It was only five years ago that Sydney sisters Karla Rose and Candice Rose-O'Rourke were lugging a suitcase full of bikinis to and from luxury boutiques around the country, $20,000 in debt.
The founders of bikini label Zulu and Zephyr, which now turns over $5 million in annual revenue and is stocked by global retailers ASOS, Anthropologie and Revolve, have created a bikini empire.
Like many Australian fashion success stories, the duo started out selling their samples at the Bondi markets, reports News.com.au.
They sold out of stock every weekend and started to curate their hugely popular Instagram account, now followed by more than 285,000 people.
"It was never our vision to stay at the markets. We were trying to get some cash behind us to begin selling wholesale," Ms Rose-O'Rourke told news.com.au.
"I would travel around the country and stop into the country's best boutiques with my suitcase full of bikinis and clothes and a lookbook. I'd talk abut the brand and I think buyers really couldn't say no to me," Ms Rose O'Rourke said.
"They couldn't ignore how passionate I was about the brand and how much I backed it and I believed in it."
The brand's quality fabrics, flattering cuts and a chic, low-fi aesthetic soon became a hit with millennial women looking for an alternative to the mainstream brands like Seafolly and Tigerlily, which are constantly scattered across our beaches.
Part of their marketing strategy involved gifting bikinis to popular Instagram influencers, but it didn't hurt that actor Margot Robbie and models Gemma Ward and Nicole Trunfio were all papped wearing Zulu and Zephyr.
"Gemma Ward was a purchasing customer. She had some beautiful pieces in her feed that we stumbled across. She's since come on to support us by attending some of our events - not as a paid guest, but as a supporter of the brand," Ms Rose-O'Rourke said.
"When Margot Robbie wore our stuff, that was really exciting. She was doing some rehearsals at the Oscars and she was wearing Zulu and Zephyr to rehearsals and we found that on her Instagram page. Same with Nicole Trunfio, just true Australian girls who resonate with our message and our brand."
It is a truth universally acknowledged that in 2017, a beautiful, well-curated Instagram feed is as effective, if nor more so, than massive billboard ads or a prime time TV spot.
"Social media is a huge part of our business. As soon as we post something on our feeds, it's sold out on our online store and also in the boutiques. Its leverage is really powerful. But we have never paid someone to wear our product," Ms Rose-O'Rourke said.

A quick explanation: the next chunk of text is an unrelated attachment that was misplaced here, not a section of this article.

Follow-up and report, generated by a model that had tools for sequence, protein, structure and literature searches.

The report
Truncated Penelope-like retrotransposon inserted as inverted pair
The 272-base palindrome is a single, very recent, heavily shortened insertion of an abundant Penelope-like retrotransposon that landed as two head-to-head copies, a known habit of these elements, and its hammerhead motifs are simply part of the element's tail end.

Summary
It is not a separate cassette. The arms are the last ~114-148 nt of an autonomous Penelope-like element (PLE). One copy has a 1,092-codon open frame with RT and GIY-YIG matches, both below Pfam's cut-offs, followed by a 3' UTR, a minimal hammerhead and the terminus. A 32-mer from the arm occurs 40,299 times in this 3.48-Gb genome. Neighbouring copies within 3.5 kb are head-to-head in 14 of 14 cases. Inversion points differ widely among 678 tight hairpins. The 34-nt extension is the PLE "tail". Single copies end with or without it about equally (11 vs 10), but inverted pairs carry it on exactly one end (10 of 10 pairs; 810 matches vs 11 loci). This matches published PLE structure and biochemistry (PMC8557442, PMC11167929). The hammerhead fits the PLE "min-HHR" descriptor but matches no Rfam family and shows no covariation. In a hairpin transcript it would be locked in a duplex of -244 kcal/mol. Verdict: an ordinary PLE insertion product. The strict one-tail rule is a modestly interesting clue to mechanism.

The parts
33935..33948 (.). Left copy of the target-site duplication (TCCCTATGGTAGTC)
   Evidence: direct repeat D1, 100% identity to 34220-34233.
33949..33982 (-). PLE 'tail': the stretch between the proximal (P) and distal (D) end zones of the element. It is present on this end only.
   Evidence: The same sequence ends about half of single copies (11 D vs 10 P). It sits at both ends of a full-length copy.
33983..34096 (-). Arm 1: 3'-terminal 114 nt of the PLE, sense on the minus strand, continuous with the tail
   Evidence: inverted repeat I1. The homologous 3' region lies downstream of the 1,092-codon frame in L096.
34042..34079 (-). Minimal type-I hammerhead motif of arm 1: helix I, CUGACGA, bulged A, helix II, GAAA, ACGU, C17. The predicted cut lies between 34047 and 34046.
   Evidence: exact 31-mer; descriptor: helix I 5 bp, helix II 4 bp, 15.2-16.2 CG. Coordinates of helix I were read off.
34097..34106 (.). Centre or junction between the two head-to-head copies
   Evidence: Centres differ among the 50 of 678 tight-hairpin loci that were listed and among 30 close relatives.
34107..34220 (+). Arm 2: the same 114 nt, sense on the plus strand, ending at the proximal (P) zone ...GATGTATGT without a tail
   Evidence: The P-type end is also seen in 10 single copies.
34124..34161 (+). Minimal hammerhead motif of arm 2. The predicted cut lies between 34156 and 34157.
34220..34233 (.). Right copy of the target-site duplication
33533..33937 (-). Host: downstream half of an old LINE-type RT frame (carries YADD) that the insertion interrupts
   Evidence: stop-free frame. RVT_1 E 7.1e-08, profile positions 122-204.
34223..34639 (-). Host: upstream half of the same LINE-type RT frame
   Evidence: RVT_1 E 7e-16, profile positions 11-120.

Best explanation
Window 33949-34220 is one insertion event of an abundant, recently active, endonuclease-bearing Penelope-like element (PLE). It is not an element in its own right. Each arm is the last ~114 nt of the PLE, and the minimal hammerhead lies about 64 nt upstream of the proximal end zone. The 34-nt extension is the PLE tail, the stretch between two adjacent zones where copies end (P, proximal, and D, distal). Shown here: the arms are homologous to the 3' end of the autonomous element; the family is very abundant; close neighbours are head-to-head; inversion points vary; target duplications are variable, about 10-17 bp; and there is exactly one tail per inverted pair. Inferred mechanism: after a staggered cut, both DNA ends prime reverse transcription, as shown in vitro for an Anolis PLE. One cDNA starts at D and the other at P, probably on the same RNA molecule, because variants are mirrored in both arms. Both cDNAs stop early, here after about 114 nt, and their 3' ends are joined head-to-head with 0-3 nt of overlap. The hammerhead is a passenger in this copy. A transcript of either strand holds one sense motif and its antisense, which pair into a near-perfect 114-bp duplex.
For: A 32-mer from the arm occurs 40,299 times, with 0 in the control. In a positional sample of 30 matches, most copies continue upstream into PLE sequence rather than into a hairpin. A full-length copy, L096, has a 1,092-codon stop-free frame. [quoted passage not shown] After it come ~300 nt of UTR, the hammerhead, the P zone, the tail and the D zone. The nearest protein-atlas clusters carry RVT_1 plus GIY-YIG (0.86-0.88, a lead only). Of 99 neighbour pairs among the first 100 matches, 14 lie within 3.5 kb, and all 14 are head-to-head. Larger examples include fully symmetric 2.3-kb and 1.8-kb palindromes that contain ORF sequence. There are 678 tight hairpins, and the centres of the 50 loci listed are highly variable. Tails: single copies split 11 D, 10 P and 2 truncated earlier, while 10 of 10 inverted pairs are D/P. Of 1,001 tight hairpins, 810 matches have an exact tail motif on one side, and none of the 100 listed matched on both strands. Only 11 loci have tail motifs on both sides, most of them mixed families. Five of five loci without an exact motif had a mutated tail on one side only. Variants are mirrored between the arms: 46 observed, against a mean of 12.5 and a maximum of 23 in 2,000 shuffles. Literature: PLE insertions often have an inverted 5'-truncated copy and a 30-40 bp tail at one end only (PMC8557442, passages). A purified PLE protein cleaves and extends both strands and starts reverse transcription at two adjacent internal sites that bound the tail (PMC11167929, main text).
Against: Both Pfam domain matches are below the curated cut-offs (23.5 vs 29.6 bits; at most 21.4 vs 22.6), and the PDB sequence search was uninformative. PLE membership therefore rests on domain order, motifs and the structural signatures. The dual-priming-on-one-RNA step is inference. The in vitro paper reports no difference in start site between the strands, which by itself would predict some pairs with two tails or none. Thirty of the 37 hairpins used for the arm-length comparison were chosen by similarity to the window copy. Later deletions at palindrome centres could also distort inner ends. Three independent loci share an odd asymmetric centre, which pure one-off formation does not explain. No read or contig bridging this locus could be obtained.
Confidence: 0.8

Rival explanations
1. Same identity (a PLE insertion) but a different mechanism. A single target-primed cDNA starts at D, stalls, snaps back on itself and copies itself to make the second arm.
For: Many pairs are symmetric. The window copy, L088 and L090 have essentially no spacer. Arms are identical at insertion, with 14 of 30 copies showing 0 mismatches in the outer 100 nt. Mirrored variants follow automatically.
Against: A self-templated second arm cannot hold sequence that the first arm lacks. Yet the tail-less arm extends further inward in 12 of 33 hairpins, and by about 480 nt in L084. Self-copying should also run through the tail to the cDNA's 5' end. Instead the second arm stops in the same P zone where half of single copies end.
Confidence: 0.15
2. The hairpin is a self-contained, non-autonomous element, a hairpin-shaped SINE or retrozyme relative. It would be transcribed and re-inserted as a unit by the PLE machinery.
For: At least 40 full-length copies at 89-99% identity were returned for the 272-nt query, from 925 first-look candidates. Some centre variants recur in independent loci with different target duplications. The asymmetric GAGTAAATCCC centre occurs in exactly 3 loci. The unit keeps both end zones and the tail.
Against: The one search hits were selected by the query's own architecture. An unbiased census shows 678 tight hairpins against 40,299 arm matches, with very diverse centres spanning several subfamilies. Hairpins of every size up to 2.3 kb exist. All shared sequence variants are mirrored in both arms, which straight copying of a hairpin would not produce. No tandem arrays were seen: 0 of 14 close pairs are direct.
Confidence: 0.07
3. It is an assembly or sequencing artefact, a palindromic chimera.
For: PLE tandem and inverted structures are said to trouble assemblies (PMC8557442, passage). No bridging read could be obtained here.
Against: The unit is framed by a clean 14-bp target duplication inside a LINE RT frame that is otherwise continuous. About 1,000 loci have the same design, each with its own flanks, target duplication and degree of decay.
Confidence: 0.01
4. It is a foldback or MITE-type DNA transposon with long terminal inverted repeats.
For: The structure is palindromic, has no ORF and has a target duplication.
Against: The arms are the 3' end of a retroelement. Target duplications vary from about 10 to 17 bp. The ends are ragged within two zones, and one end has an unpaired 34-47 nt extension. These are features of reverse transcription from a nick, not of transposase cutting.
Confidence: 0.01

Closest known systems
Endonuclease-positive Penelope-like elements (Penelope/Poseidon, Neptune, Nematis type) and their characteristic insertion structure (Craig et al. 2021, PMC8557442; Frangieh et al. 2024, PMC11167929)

She and Ms Rose take most of the photos on the Zulu and Zephyr Instagram page themselves, using old school film.
"Having original content is really important for us. We didn't want to repost anyone's imagery and just having an Instagram page that was about product. It was about continuing the mood of the brand," she said.
"It's not just about money, it's about the customer and her vibe. We have a really specific and loyal customer, girls who keep returning each season.
"We were coming in at a great price point and often customers would come in off the back of our social media. We had such a strong following ... our followers were going directly to our stores to try the garments on and get a feel for them."
But despite the celebrities endorsements, it was still a tough slug before the brand began turning over a profit.
"We didn't get paid for the first few years. We were reliant on working in cafes and still walking into those stores with the suitcase," Ms O'Rourke said.
"We went $20,000 into the red to begin with, but we made that back very quickly and everything we made we put back into the business. We felt a bit smug when we did get our first small wage.
"It's a multi-million dollar company, but we both receive an average wage because we are investing in our team and our brand.
"We were lucky to come into this at a time before there were dozens of other swimwear labels on the market, like there are now. We got in before that massive rise of the category."
The sisters now manage a team of 12 staff and are looking to expand further into the overseas market.
But Ms O'Rourke says maintaining the brand's low-key authenticity - a word advertisers use constantly when talking about marketing to millenials - is key to its success.
"It would be great to see Zulu and Zephyr hanging on the racks in boutiques all over the world and doing collaborations with those major online retailers," she said.
"I feel like in a modern society we always pay attention to who is wearing what and how they wear it. The brands we wear these days say a lot about who we are as people. Are we more laid back? Are we more feminine or masculine?
"It tells a story about who you are, so when someone is wearing a Zulu and Zephyr piece, it says they're a certain personality."